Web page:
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Other Coordinate Systems for Physics Help (page 2)

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Cylindrical Coordinates

Figure 3-16 shows a system of cylindrical coordinates for specifying the positions of points in three-space. Given a set of cartesian coordinates or xyz space, an angle q is defined in the xy plane, measured in radians counterclockwise from the x axis. Given a point P in space, consider its projection P ′ onto the xy plane. The position of P is defined by the ordered triple ( q, r, z ) such that

Fig. 3-16 . Cylindrical coordinates for defining points in three-space.

q = angle between P ′ and the x axis in the xy plane

r = distance (radius) from P to the origin

z = distance (altitude) of P above the xy plane

You can think of cylindrical coordinates as a polar plane with the addition of an altitude coordinate to define the third dimension.

Spherical Coordinates

Figure 3-17 shows a system of spherical coordinates for defining points in space. This scheme is similar to the system for longitude and latitude with the addition of a radius r representing the distance of point P from the origin. The location of a point P is defined by the ordered triple (long, lat, r )

Fig. 3-17 . Spherical coordinates for defining points in three-space.

such that

long = longitude of P

lat = latitude of P

r = distance (radius) from P to the origin

In this example, angles are specified in degrees; alternatively, they can be expressed in radians. There are several variations of this system, all of which are commonly called spherical coordinates .

Semilog ( X -linear) Coordinates

Figure 3-18 shows semilogarithmic (semilog) coordinates for defining points in a portion of the xy plane. The independent-variable axis is linear, and the dependent-variable axis is logarithmic. The numerical values that can be depicted on the y axis are restricted to one sign or the other (positive or negative). In this example, functions can be plotted with domains and ranges as follows:

Fig. 3-18 . Semilog xy plane with linear x axis and logarithmic y axis.

−1 ≤ x ≤ 1

0.1 ≤ y ≤ 10

The y axis in Fig. 3-18 spans two orders of magnitude (powers of 10). The span could be larger or smaller than this, but in any case the y values cannot extend to zero. In the example shown here, only portions of the first and second quadrants of the xy plane can be depicted. If the y axis were inverted (its values made negative), the resulting plane would cover corresponding parts of the third and fourth quadrants.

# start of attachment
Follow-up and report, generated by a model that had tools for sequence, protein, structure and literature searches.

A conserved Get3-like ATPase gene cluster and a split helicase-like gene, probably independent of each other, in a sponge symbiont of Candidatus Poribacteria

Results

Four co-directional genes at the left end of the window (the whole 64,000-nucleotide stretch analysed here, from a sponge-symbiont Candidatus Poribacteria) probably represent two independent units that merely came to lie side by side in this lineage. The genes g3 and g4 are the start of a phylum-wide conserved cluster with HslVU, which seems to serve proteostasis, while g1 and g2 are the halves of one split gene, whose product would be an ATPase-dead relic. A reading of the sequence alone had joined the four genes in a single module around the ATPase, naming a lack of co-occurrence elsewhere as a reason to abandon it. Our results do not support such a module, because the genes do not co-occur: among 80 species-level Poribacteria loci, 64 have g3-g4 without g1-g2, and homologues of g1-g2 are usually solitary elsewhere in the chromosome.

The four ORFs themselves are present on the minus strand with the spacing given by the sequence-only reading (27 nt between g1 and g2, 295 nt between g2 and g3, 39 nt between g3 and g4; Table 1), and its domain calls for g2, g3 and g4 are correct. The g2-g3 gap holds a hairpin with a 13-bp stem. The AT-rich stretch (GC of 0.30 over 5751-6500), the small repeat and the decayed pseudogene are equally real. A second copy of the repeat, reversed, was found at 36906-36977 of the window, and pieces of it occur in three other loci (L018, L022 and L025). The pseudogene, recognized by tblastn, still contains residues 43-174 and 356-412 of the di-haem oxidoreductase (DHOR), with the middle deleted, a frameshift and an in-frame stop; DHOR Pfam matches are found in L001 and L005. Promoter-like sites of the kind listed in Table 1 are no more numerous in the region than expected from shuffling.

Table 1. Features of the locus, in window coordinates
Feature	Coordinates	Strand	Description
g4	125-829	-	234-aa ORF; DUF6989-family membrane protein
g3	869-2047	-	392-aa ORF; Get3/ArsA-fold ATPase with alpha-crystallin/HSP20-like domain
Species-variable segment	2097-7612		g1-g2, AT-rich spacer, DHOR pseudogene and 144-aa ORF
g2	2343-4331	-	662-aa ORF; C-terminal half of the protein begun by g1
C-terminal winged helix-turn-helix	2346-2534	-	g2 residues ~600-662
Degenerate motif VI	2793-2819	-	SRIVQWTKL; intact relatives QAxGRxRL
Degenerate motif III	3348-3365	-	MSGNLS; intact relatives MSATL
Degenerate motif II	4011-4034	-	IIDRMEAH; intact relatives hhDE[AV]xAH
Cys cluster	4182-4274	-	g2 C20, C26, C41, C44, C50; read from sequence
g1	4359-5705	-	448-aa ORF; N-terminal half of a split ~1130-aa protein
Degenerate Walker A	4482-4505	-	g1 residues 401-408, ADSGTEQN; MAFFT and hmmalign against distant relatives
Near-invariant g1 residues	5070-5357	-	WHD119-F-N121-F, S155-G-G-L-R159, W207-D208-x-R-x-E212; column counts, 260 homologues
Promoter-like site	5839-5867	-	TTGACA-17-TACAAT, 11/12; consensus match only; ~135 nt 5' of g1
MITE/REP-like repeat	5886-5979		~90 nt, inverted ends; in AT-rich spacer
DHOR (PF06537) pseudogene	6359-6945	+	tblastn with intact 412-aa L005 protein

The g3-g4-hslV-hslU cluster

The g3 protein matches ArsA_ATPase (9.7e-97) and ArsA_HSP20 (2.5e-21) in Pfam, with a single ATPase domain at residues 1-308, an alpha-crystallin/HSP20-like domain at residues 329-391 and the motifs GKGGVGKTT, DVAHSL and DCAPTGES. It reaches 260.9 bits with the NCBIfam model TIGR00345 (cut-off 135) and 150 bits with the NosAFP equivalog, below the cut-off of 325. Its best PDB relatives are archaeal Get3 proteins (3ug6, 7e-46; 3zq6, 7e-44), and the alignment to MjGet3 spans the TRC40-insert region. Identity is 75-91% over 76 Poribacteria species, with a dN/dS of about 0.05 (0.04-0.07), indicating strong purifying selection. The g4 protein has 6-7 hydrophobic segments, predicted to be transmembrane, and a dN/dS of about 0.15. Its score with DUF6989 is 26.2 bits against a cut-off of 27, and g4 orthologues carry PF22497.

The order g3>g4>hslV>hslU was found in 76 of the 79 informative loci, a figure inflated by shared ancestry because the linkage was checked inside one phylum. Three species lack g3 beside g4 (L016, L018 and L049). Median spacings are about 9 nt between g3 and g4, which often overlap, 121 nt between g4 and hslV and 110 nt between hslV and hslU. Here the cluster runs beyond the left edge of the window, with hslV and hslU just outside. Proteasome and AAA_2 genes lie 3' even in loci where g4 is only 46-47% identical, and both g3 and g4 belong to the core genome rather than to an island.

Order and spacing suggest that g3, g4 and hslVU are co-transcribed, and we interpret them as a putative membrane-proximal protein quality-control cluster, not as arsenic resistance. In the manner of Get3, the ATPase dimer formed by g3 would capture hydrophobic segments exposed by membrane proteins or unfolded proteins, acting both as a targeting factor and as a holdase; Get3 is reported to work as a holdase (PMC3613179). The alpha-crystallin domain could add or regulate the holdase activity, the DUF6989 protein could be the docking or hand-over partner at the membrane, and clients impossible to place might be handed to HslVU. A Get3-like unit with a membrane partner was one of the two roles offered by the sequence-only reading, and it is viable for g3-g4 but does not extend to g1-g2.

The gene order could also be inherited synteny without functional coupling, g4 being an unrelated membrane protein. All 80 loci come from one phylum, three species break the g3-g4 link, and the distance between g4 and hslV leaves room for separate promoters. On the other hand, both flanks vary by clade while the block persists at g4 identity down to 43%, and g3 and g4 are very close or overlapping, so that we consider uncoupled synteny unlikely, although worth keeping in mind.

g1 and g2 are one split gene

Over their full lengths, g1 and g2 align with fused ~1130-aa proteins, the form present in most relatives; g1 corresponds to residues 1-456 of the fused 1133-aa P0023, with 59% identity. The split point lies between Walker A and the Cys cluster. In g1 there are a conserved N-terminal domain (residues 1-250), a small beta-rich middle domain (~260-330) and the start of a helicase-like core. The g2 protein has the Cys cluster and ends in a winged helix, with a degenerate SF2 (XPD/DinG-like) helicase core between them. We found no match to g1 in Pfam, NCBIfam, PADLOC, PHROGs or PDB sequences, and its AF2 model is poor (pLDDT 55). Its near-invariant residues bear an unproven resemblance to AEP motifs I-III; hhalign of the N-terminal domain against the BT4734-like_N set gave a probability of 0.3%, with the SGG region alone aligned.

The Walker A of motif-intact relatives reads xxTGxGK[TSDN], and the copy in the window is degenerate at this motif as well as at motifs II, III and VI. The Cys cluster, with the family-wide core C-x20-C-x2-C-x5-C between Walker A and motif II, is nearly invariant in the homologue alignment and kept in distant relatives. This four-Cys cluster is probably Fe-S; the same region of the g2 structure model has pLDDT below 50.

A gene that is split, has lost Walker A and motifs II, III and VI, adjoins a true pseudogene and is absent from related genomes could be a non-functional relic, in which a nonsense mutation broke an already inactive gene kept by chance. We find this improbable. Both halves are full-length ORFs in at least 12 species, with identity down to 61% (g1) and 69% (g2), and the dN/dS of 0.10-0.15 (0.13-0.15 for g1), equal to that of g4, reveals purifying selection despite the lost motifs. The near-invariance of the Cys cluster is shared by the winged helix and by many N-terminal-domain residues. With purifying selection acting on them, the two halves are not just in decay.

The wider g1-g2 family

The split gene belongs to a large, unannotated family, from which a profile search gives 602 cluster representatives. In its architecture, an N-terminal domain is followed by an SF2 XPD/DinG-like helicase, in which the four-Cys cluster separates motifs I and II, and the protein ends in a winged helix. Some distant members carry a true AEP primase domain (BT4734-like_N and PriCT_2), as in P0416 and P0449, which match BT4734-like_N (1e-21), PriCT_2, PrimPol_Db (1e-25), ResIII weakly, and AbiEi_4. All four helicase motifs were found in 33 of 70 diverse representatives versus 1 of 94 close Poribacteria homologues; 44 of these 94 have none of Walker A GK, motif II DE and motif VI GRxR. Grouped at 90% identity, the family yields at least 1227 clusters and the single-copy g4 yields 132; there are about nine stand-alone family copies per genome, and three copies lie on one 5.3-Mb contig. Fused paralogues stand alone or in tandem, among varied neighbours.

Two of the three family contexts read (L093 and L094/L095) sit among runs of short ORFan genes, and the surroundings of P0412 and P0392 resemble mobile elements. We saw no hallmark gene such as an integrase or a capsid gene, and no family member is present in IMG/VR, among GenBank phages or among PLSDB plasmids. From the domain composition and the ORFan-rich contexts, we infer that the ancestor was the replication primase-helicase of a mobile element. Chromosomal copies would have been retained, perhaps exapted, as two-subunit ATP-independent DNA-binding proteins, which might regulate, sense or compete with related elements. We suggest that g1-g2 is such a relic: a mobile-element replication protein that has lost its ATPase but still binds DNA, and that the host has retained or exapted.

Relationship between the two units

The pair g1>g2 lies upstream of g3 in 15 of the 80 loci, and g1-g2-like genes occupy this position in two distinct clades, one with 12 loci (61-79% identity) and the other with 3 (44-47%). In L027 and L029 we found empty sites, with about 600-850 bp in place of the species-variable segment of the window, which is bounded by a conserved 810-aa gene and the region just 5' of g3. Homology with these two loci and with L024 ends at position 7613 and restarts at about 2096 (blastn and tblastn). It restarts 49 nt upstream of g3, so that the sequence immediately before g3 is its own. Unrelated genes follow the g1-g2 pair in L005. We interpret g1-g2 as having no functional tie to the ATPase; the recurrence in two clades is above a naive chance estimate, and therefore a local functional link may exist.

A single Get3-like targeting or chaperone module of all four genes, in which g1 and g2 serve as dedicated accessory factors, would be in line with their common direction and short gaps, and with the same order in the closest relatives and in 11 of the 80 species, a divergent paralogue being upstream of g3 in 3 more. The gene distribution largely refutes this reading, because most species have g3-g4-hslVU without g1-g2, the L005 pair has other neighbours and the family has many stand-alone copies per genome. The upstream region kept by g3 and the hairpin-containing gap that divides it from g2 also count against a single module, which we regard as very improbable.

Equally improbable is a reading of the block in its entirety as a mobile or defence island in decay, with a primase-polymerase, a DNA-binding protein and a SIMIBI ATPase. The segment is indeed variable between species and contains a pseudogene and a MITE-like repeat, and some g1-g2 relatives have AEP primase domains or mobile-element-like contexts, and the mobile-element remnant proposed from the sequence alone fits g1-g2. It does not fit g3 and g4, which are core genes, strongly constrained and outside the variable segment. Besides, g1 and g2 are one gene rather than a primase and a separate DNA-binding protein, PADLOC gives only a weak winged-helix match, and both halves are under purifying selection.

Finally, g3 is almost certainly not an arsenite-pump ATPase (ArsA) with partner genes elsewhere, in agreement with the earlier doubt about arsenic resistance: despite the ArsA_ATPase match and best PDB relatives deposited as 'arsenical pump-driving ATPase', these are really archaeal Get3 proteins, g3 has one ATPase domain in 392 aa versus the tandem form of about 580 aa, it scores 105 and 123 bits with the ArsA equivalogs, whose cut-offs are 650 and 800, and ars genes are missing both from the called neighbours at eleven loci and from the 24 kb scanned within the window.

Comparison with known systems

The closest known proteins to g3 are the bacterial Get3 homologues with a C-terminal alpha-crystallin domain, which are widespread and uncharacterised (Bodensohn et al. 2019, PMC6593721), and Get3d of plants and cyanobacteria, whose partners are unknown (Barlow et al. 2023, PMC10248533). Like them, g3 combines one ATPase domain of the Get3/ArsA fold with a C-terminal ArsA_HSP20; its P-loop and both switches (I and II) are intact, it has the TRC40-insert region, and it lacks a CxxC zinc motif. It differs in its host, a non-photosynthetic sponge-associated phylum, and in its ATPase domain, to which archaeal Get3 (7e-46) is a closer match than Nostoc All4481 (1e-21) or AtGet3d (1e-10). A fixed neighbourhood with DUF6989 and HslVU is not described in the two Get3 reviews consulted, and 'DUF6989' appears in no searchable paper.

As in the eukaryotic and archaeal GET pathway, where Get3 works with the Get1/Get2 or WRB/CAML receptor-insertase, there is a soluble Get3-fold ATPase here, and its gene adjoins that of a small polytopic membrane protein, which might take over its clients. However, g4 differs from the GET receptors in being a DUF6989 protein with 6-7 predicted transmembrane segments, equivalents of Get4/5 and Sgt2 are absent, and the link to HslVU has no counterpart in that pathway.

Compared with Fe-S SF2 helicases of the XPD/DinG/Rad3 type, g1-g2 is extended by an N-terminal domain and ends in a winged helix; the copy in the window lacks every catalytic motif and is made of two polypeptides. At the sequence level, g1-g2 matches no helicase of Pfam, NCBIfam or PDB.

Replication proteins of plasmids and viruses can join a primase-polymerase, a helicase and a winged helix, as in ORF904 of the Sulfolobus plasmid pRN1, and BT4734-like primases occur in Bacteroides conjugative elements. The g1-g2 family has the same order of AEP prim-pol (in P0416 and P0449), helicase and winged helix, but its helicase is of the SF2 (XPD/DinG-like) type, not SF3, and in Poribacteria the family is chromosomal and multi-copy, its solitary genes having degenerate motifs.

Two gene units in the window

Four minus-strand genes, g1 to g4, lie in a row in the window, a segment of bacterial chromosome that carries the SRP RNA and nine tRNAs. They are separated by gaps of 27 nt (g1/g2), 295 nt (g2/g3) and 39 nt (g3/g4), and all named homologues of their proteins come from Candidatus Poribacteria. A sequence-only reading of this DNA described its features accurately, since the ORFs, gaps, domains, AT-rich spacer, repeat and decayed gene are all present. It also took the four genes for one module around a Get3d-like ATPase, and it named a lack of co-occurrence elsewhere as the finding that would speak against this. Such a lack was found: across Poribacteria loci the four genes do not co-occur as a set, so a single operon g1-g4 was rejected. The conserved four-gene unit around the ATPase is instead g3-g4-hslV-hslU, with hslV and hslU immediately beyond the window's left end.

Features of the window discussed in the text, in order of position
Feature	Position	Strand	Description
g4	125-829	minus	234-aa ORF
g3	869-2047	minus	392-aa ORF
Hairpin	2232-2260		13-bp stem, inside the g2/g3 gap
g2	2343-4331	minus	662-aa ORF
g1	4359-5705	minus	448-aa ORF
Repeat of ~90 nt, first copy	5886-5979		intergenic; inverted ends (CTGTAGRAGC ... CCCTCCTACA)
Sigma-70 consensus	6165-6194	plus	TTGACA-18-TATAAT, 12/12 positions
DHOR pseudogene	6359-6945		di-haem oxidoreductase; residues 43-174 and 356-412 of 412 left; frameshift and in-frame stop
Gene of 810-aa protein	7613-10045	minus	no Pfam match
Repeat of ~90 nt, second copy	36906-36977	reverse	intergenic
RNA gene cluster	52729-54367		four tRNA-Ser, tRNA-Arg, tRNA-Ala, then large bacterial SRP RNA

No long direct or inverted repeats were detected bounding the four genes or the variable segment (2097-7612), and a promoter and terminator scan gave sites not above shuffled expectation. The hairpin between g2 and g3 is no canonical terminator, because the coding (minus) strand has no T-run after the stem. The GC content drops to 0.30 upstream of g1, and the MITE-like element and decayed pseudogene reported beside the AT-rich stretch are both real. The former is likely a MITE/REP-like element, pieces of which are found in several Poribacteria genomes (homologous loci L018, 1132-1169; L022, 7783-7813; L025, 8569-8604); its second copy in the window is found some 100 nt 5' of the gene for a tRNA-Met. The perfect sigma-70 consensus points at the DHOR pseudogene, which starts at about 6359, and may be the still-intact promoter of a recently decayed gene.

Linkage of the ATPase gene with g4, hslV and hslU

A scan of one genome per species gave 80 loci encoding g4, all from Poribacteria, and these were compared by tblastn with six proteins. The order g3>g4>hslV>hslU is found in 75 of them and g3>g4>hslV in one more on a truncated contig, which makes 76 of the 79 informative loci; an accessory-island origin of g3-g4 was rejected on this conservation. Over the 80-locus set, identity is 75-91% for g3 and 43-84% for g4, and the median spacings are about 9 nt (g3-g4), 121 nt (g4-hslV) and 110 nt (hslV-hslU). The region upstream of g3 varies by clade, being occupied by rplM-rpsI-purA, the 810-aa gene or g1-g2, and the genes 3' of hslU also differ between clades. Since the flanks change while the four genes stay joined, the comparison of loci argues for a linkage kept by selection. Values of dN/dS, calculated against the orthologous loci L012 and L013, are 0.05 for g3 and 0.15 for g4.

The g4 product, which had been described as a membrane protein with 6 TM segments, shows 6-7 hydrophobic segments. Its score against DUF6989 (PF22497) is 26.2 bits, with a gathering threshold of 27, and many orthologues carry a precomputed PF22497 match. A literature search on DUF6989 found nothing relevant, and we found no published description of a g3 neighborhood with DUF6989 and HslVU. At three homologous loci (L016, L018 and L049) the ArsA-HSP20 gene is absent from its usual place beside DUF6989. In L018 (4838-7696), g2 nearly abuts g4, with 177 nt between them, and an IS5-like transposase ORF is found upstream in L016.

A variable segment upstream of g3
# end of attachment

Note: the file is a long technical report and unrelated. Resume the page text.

Semilog ( Y -linear) Coordinates

Figure 3-19 shows semilog coordinates for defining points in a portion of the xy plane. The independent-variable axis is logarithmic, and the dependent-variable axis is linear. The numerical values that can be depicted on the x axis are restricted to one sign or the other (positive or negative). In this example, functions can be plotted with domains and ranges as follows:

Fig. 3-19 . Semilog xy plane with logarithmic x axis and linear y axis.

0.1 ≤ x ≤ 10

−1 ≤ y ≤ 1

The x axis in Fig. 3-19 spans two orders of magnitude (powers of 10). The span could be larger or smaller, but in any case the x values cannot extend to zero. In the example shown here, only portions of the first and fourth quadrants of the xy -plane can be depicted. If the x axis were inverted (its values made negative), the resulting plane would cover corresponding parts of the second and third quadrants.

Log-log Coordinates

Figure 3-20 shows log-log coordinates for defining points in a portion of the xy plane. Both axes are logarithmic. The numerical values that can be depicted on either axis are restricted to one sign or the other (positive or negative). In this example, functions can be plotted with domains and ranges as follows:

0.1 ≤ x ≤ 10

0.1 ≤ y ≤ 10

Fig. 3-20 . Log-log xy plane.

The axes in Fig. 3-20 span two orders of magnitude (powers of 10). The span of either axis could be larger or smaller, but in any case the values cannot extend to zero. In the example shown here, only a portion of the first quadrant of the xy plane can be depicted. By inverting the signs of one or both axes, corresponding portions of any of the other three quadrants can be covered.

Practice problems for these concepts can be found at:  Graphing Schemes for Physics Practice Test

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